Apple Seeks to Overturn Import Ban on Apple Watches Amid Patent Dispute

In a recent legal maneuver, Apple Inc. has approached the U.S. Court of Appeals for the Federal Circuit, seeking to overturn an import ban on certain models of its Apple Watch. This request stems from a ruling by the U.S. International Trade Commission (ITC) favoring Masimo, a medical-monitoring technology firm, in a patent infringement dispute.

Apple argues that the ITC’s decision was founded on what it considers “substantively defective patent rulings.” The company further contends that Masimo has not demonstrated sufficient investment in domestic products that would merit such an import ban.

The dispute traces back to allegations by Masimo, based in Irvine, California, that Apple not only poached its employees but also appropriated its pulse oximetry technology. These claims arose after Apple debuted this technology in its Series 6 Apple Watches in 2020.

Following a successful complaint by Masimo, the ITC issued a directive on December 26 to halt the importation of Apple’s latest Series 9 and Ultra 2 smartwatches. This decision came after it was determined that the smartwatches’ method for measuring blood-oxygen levels infringed on Masimo’s patents.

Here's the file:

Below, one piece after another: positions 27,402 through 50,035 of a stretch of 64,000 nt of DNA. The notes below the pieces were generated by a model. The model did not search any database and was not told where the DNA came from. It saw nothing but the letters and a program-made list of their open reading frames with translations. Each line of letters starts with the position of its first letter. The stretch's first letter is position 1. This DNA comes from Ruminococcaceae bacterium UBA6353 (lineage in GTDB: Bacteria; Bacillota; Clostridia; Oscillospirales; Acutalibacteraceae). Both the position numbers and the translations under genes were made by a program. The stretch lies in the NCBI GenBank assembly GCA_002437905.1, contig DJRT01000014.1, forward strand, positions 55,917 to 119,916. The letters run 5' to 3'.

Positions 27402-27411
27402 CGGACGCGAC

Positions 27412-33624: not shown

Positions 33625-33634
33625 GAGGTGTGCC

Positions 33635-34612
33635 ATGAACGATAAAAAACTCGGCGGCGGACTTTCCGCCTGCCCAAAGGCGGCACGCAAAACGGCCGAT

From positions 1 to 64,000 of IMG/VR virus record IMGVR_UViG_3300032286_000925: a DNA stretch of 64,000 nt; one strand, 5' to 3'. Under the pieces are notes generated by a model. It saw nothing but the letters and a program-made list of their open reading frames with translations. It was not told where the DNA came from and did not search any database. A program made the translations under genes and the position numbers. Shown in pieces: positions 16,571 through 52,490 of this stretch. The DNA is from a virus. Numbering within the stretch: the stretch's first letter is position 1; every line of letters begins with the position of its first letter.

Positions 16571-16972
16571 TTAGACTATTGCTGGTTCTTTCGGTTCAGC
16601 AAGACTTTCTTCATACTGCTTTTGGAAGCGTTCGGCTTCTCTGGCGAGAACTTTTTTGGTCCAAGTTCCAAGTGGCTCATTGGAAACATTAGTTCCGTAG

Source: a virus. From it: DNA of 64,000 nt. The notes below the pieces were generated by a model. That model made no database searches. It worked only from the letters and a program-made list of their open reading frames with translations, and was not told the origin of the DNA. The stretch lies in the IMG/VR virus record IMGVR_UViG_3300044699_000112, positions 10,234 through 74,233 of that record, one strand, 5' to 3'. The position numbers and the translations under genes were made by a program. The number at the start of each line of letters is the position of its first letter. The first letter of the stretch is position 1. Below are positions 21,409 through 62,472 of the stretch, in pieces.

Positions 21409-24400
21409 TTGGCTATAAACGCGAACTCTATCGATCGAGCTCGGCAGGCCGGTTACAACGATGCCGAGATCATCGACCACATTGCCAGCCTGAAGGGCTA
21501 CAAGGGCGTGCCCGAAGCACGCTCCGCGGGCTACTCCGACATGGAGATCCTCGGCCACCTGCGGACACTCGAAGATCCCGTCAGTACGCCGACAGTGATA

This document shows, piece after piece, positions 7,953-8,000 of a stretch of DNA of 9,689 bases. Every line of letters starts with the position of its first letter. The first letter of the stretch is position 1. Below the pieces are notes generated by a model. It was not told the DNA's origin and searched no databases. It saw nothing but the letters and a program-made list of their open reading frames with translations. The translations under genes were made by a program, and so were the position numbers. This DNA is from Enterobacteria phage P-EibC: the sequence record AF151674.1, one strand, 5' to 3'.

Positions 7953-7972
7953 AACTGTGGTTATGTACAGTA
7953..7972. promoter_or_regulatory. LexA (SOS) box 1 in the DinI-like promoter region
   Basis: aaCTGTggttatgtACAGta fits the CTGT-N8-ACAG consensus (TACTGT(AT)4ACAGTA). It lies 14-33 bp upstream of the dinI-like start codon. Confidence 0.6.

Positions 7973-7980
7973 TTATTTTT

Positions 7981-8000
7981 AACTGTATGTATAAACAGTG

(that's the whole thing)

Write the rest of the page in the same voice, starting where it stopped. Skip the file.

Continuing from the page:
Apple, however, managed to get a temporary reprieve by convincing the Federal Circuit to stall the ban. Despite this brief resumption of sales, the appeals court later reinstated the ban in January. In response, Apple opted to disable the pulse oximetry function in its watches pending the appeal—a process that the company anticipates could extend over a year.

In a separate ruling, the U.S. Customs and Border Protection concluded in January that newly redesigned versions of Apple’s watches did not infringe upon Masimo’s patents and were exempt from the import ban. Masimo has maintained that the modified watches lack the contentious pulse oximetry feature.

Apple’s plea to the Federal Circuit highlighted the absence of a competing Masimo wearable product at the time Masimo lodged its ITC complaint in 2021. Apple describes the Masimo product as “purely hypothetical.” Moreover, Apple challenges the validity of Masimo’s patents and denies that its smartwatches infringe upon these patents.

This legal battle highlights the complexities of patent infringement issues within the tech industry, particularly as companies innovate in overlapping technological fields. The outcome of this appeal could have significant implications for both Apple and the broader wearable technology market.

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